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Building a partnership between writers and narrative designers

Building a partnership between writers and narrative designers

March 19, 2018 | By Katherine Cross

March 19, 2018 | By Katherine Cross
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More: Console/PC, Design, GDC

Eric Stirpe, a writer, and Molly Maloney, a narrative designer, both at Telltale Games, gave an interesting talk at the Game Developers Conference today on how their budding romantic relationship mirrored the relationship between narrative designers and writers, often wrongly assumed to be the same person in game studios.

Stirpe and Maloney wanted to show their audience where “writing ends and design begins.” Narrative design and writing are two different professions, they argue, and have to be respected as such; one is not a substitute for the other, but each, instead, comprises a distinct area of expertise with related but discrete goals.

This can lead to conflict, as the aims of good writing are not always the aims of good game design, they argue.

At Telltale, the two roles are distinct, “full-time jobs in and of themselves,” as Maloney put it, adding that “writing is responsible for the characters, and design is responsible for the player.”

On the writing end, one’s responsibility is to have fidelity to the theme—are you being funny in a comedy game, or writing compelling drama in a more serious one? The designer, meanwhile, has to make choices feel meaningful. But the two roles “share a deliverable,” which is the story.

The designer can “run around and on-board other departments,” said Maloney, where in general they have the ability and skillset to know which other game designers are necessary to recruit in service of the story--perhaps getting graphical designers to create a specific scene that serves the emotional themes of the writer, or the programmers to make a choice functional and mechanical in the game.

You don’t have a “paint by numbers with a balance of power situation,” with Stirpe likening it to his forthcoming marriage to Maloney, where a personal relationship doesn’t have a neat cleavage of duties between its members. Neither do writers and designers.

“Developing that healthy level of collaboration takes a lot of time and trust and sometimes your partner has ideas you disagree with,” Stirpe added. “You need to get on the same page ASAP.”

He and Maloney identified two related “bad habits” in collaboration which also feel applicable to cross-department operations at any level of a game dev team.

  1. Being so unconfrontational is going to “hurt the rest of your team,” according to Stirpe. If you disagree, speak up constructively and don’t just sit back and nod or wait for someone else to oppose something you have a problem with.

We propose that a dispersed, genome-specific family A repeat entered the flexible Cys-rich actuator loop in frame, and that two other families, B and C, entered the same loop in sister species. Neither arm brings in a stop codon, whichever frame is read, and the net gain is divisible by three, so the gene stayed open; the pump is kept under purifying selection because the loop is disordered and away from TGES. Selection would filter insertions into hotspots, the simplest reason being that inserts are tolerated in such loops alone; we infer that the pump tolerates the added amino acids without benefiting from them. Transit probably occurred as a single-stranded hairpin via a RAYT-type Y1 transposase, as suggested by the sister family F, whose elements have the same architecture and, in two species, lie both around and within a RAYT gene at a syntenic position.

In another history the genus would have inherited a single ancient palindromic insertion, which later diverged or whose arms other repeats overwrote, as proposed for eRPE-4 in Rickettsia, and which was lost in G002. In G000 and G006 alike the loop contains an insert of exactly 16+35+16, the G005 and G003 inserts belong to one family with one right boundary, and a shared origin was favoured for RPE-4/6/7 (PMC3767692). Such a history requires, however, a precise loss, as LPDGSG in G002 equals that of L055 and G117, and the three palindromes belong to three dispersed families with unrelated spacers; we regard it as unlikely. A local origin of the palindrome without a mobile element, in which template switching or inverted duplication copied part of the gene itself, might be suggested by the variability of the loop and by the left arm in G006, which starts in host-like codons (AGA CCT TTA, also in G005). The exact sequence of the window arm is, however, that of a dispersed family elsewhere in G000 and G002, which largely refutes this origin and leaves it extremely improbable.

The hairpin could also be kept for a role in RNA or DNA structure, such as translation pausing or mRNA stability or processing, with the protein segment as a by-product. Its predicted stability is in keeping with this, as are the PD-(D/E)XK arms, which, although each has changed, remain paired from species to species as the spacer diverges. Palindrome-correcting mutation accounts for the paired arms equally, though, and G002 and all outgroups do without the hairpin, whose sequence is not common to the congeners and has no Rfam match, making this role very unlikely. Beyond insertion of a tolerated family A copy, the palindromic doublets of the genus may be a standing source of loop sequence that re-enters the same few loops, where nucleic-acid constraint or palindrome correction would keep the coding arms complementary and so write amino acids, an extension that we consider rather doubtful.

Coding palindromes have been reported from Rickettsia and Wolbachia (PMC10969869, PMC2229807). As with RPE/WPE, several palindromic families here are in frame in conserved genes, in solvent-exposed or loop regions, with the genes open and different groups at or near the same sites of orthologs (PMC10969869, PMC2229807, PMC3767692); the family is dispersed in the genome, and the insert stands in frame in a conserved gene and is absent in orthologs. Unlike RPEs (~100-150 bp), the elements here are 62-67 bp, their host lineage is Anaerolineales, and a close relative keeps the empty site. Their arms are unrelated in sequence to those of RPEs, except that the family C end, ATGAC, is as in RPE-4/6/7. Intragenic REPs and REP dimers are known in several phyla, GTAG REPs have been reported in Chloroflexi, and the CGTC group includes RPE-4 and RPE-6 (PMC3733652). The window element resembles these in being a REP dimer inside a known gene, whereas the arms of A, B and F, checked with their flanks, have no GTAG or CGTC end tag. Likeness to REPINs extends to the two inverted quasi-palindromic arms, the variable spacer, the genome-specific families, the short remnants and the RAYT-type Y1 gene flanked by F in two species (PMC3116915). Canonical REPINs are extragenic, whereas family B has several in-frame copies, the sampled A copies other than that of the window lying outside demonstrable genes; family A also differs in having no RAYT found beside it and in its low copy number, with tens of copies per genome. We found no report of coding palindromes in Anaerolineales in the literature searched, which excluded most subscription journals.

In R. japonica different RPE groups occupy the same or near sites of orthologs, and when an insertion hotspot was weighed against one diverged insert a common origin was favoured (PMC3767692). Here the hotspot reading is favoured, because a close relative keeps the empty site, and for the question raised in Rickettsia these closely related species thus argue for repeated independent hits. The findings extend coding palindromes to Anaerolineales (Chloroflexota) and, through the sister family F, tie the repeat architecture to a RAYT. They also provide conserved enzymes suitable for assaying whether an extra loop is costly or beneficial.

2. Being extremely confrontational--illustrated with the requisite Michael Scott-screaming-no gif. Abjectly refusing a proposal without hearing it out, except in extreme circumstances, is not productive. “Listening is not just waiting for your turn to talk,” Maloney said, adding this had been particularly challenging for her. “If you’re the only person in the room who doesn’t like an idea, maybe you should look within,” she added.

In terms of an actual design example, they brought up a scene from Minecraft: Story Mode, which they both worked on.

“Stubbing” is Telltale’s term for design contributions to a script, a kind of rough blueprint for the writers giving a skeleton for the story-structure.

Stubs are about the structure of a scene: “Reggie is surprised to see Jesse” or “Aiden doesn’t like being ignored” while the director adds notes about action or specific events that need to punctuate a scene or choice, like “Aiden spawns a creeper near Reggie.”

The editing process, at least as Maloney described it, involved cutting up the dialogue to remove unnecessary bits and break up protracted exchanges. “The longer the dialogue with no interaction, the less of a video game you feel like you’re playing,” she said.

They concluded by talking about the dangers of one side overpowering the other. Writing domination, in Stirpe’s words, has the following traits:

  • Beautiful cutscenes that inform the player how they feel.

  • Limited range of choices.

  • Player character is the least interesting part of the story.

If your character is telling someone to “calm down,” Maloney warns this may mean “two more interesting characters are doing something more interesting than you.”

She added that “design domination” has the following characteristics:

  • Overly instructional dialogue.

  • Mechanics that don’t tie into the narrative.

  • The player is the only interesting character. Ever.

So much of their advice was about finding a middle path, Maloney observed that her own third bullet point was the inverse of Stirpe’s.

A character needs to be interesting, but without overwhelming the existence of a compelling, social world around them--without that world simultaneously overwhelming anything interesting about the player’s avatar.

It’s rather a lot like being a dungeon master: your NPCs can be cool, but not necessarily with more interesting stories than your players.

But in the case of game design, naturally, there’s the added complexity of having lots of co-DMs. “You may not be romantically involved with your partner,” Stirpe concluded, “but you are in a relationship.”

Another reminder that good ‘people-skills’ aren’t optional in this field, to be sure.

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